They bring SWAT teams to peaceful protests nowadays
Archive for the 'Police Harassment' Category
Tags: discarted, hollywood, lapd, LAPD Foster, LAPD Palmer, LAPD Rudy Vidal, Los Angeles, Sergeant Rudy Vidal, shawn nee
Tags: foster, hollywood, lapd, Los Angeles, palmer, Rudy Vidal, shawn nee
Tags: Bea Girmala, Captain Cory Palka, Cory Palka, discarted, hollywood, lapd, LAPD Andrew Smith, LAPD Andy Neiman, LAPD Cory Palka, LAPD Kevin Palmer, LAPD Mike Foster, Los Angeles, Los Angeles Police Department, Officer Kevin Palmer, Officer Mike Foster, Rudy Vidal, shawn nee
As a concerned citizen worried about the direction that law enforcement is heading in nowadays, the next time you contact the Los Angeles Police Department with your complaints, you might want to take the response you receive with a grain of salt.
Tags: Fullerton, Jay Cicinelli, Kelly Thomas, manuel ramos, murder, police brutality
The anti-police brutality movement is here. It’s not going anywhere. And as long as militarized police officers across the United States continue to brutalize and murder people with impunity, this powerful rising force will continue to grow and become stronger.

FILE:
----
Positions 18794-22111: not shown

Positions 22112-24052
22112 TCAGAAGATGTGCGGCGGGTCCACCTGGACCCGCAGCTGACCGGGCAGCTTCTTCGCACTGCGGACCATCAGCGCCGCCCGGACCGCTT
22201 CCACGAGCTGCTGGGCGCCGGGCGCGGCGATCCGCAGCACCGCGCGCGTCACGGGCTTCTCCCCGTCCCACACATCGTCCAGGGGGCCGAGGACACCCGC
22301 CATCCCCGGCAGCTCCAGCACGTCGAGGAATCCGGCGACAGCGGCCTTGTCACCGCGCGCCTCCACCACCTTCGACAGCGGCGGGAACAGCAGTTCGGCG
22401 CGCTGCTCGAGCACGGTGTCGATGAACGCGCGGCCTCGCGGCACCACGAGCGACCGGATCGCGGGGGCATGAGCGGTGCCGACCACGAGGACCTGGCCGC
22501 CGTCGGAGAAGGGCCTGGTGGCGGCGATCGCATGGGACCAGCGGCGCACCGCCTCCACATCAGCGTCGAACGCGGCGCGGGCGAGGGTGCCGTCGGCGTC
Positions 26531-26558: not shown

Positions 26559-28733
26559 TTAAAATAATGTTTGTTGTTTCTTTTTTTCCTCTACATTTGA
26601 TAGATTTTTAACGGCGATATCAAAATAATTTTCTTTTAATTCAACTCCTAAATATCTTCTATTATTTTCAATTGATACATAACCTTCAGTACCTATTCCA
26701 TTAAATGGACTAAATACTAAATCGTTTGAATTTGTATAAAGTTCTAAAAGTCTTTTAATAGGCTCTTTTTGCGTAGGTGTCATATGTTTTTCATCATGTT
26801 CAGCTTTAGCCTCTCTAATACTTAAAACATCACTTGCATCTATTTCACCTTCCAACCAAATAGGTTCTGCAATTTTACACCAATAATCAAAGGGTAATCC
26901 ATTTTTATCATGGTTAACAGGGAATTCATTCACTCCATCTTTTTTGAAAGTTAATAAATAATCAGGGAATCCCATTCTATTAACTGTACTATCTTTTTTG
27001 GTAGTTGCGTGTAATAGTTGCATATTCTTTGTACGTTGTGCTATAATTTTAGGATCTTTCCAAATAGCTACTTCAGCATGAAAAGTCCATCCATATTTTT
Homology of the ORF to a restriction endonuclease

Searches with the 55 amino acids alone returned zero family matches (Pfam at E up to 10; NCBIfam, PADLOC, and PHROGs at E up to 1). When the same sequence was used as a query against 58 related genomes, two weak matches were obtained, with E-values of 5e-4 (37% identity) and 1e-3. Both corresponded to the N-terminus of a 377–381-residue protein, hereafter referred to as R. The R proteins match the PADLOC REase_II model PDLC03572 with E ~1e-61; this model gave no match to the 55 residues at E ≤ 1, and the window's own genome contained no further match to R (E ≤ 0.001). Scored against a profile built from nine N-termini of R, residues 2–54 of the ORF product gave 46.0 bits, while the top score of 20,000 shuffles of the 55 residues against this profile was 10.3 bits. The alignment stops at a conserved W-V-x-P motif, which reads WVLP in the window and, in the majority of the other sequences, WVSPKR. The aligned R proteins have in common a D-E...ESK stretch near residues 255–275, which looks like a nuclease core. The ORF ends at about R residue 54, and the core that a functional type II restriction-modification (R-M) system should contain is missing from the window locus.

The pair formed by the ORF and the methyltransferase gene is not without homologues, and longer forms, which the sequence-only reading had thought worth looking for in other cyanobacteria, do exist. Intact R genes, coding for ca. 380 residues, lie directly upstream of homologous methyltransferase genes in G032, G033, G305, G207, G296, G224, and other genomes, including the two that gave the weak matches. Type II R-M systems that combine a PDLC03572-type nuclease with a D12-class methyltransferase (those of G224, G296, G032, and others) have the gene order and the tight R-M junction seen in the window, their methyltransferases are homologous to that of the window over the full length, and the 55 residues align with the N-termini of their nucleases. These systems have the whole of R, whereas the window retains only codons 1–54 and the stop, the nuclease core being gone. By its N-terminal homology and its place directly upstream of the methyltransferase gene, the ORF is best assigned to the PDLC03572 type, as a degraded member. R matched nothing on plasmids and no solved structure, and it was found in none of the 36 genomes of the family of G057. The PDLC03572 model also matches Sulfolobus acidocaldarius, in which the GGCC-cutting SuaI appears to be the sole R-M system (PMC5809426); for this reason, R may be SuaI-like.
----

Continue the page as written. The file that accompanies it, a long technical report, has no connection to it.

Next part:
For years, I’ve been photographing anti-police brutality marches and rallies, and have witnessed the evolution of this movement. When I first started taking pictures, you wouldn’t see as many children, housewives, and grandmothers at these events as you do today. And you especially wouldn’t see these people holding signs that said, “…BLOOD is on your hands”, “I hate the police…”, or “Police: It’s a Gang”.
Nowadays though, it’s a different story. People who once supported police, no longer do, and it’s the police officers themselves who are responsible for this expanding backlash.
With the power of the internet and its ability to educate and open eyes, the American people are really starting to see how dangerous police officers are to them and their families. For instance, six of them can murder your son on camera and get away with it.
The following photos were taken at a “Justice For Kelly Thomas” rally that took place in Fullerton, CA, on January 18, 2014.
Tags: discarted, hollywood, lapd, Los Angeles, Los Angeles Police Department, shawn nee
If the Los Angeles Police Department was potentially accessing your private information via a government database like the DMV, you would think that the subject of those searches would have a right to know if the information was accessed, when it was accessed, and why it was accessed. That way, the person could determine if the searches were done legally, or illegally. And whether or not, at the very least, find out if the searches violated LAPD policy.